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California Health Officials to Track New HIV Cases

Medicine: Only those who developed AIDS monitored previously.


Public health officials in California today will begin requiring physicians and laboratories to report new HIV cases to the state, hoping to better track the disease as it spreads and better target prevention and treatment dollars.

The new policy is a departure from the practice of tracking only cases of AIDS, which meant the state often learned of infections 10 or more years after they had occurred.

But health advocates and experts remain deeply divided about whether the state's new reporting system will succeed. California is adopting a controversial tracking method--used in only nine other states--in which HIV cases are traced by alphanumeric codes, rather than by name, to protect patients' privacy.

Thirty-four other states, including New York, track or soon will track HIV cases by name. Legislators and public health officials in those states have taken the position that identities are necessary to more easily communicate with doctors, eliminate duplication of records on the same individual and link HIV databases with registries for other diseases.

Some states also use the name system to gauge whether patients receive timely treatment and assist physicians in notifying sexual partners.

California requires such name-based reporting for 80 diseases, including AIDS, syphilis, anthrax, measles and food poisoning. Many physicians, and some AIDS advocates, say HIV should be no different.

"As long as we treat it [HIV] as something special and separate and so dreaded that you can't even talk about it, then it's going to reinforce that view," said Michael Weinstein, president of the AIDS Healthcare Foundation in Los Angeles.

Supporters of a names-based system also say that states already have the names of HIV-positive patients on file if they receive care through Medicaid or federally funded treatment programs.

Those who prefer using codes say that HIV remains a stigmatizing disease, and that the prospect of having names reported would be enough to keep some patients from being tested for HIV.

"There are ways to create a system that will minimize those fears, if not eliminate them, while giving us the data we want anyway," said Fred Dillon, policy director for the San Francisco AIDS Foundation.

Perception itself has been enough to shift the debate. Both sides acknowledge that there have been few, if any, recent breaches of security in states that use names in reporting.

A 1998 report by the U.S. Centers for Disease Control and Prevention found problems with the use of codes, also known as unique identifiers, in Texas and Maryland. Codes were incomplete. Authorities had difficulty following up on specific cases with treating physicians. And states were unable to find out whether patients belonged to known risk groups, such as gay men or intravenous drug users.

The accuracy of patient counts is important because, beginning in two years, the federal government will begin distributing treatment money on the basis of each state's number of HIV and AIDS cases. The government's funding formula is now based solely on AIDS cases.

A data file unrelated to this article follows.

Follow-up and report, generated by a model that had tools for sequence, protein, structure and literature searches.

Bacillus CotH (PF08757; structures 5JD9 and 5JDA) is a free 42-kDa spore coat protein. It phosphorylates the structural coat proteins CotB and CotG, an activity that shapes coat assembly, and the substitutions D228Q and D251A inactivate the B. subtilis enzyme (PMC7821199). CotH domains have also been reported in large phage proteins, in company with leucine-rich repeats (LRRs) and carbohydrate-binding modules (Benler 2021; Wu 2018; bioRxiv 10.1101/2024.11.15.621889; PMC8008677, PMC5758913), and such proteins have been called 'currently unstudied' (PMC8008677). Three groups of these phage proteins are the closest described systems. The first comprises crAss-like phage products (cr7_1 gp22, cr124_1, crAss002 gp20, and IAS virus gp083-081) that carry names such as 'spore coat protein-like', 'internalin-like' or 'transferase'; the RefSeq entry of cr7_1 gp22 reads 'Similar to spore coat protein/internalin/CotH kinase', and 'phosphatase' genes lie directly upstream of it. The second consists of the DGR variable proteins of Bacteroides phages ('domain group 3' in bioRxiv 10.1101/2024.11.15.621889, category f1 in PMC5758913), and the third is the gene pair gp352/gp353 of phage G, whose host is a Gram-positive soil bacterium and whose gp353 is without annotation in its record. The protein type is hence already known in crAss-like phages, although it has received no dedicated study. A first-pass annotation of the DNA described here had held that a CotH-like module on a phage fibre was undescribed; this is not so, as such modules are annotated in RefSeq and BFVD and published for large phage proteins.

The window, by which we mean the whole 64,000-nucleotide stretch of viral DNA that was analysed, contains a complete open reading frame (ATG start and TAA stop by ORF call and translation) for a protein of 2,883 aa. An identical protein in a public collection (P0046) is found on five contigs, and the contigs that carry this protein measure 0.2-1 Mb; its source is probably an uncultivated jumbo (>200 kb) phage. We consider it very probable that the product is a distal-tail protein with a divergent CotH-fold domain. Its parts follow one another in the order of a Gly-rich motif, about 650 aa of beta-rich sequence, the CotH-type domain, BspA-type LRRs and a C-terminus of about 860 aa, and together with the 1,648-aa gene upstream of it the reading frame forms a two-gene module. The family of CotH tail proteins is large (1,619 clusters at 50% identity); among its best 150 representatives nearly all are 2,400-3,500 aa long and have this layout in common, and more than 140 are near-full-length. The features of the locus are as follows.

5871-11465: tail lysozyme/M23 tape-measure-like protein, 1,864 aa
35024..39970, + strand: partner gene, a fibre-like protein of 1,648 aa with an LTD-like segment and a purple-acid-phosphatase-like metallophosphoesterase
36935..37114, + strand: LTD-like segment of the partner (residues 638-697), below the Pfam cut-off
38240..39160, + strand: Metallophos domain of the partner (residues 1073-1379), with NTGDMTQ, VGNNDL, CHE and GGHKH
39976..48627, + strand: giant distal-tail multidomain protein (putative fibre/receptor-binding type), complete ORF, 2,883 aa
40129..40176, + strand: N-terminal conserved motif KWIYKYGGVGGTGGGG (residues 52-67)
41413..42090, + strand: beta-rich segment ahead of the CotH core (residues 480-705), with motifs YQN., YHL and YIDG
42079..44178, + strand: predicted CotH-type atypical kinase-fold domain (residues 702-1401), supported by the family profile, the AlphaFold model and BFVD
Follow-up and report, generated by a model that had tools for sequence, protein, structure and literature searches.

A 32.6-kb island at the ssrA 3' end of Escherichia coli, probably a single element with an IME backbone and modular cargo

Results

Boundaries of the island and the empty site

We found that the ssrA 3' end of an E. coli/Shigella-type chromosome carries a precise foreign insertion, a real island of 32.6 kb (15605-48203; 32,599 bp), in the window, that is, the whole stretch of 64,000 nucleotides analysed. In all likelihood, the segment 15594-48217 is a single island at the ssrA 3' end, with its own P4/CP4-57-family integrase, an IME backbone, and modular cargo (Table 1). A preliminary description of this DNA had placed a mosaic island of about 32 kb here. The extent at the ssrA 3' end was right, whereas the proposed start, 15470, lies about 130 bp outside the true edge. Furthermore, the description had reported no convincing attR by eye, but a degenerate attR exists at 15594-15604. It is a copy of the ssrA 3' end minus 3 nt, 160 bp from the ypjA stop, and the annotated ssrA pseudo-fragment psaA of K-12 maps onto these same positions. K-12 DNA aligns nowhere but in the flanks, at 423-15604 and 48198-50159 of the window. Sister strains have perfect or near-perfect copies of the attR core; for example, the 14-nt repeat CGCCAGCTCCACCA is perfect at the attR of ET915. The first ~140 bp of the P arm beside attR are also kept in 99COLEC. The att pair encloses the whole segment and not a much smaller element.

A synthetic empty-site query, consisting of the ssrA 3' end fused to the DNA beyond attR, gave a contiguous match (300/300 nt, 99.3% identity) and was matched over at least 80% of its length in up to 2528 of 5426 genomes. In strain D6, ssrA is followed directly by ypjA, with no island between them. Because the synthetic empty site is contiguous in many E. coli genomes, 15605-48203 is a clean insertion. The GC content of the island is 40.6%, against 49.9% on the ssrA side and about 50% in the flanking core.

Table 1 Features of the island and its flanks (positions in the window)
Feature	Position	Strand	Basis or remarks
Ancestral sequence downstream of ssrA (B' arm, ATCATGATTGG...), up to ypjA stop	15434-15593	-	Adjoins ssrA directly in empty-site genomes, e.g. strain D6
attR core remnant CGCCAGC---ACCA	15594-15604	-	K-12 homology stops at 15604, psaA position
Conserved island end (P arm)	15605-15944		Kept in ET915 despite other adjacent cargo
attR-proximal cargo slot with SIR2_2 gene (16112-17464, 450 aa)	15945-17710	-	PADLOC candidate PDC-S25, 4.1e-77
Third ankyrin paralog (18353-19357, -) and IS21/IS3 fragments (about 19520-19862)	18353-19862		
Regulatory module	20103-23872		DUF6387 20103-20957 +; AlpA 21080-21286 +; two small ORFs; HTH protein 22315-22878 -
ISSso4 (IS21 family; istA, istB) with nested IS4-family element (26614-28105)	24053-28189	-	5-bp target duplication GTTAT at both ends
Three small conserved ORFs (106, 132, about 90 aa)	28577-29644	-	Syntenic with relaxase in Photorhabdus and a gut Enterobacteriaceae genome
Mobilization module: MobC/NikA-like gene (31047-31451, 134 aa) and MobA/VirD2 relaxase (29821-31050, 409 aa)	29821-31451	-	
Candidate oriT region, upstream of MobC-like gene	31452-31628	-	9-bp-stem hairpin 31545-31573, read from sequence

A panel of the Institute of Medicine, an arm of the National Academy of Sciences, is studying the issue of HIV reporting, trying to determine the reliability and accuracy of different systems and to learn whether they should be tied to federal funding for treatment.

"It certainly is a problem if you want to give out federal funds in a formula and the formula is based on a process that differs from state to state," said Michael A. Stoto, a senior statistical scientist at the Rand Corp. in Washington, D.C.

The CDC favors names reporting, calling it the "simplest, most reliable and feasible method currently available," but the agency has not banned the use of codes.

The experiences of other states may provide some indication of how California's unique-identifier system will fare. Texas began using a code system in 1994, but dropped it in favor of a names system in 1999.

Texas doctors were required to inform health officials of gender, race and date of birth for all HIV cases. In many cases, doctors left blanks in their reports.

"It wasn't really getting us solid numbers we could use," said Dr. Sharilyn Stanley, associate commissioner for disease control and prevention at the Texas Department of Health.

Stanley said coded HIV reporting is an "unbearable obstacle" for physicians because it requires them to track patients in a different way from their normal procedure. "That costs money to the [doctor] and he isn't going to do it, because he doesn't have the time," she said.

Authorities are handcuffed in other ways because of code reporting, critics say. If a private physician is having trouble notifying patients or their partners of HIV test results, the state couldn't try to reach them. Early notification is critical because infected people may not be seeking treatment and may be unwittingly passing the virus on to others.

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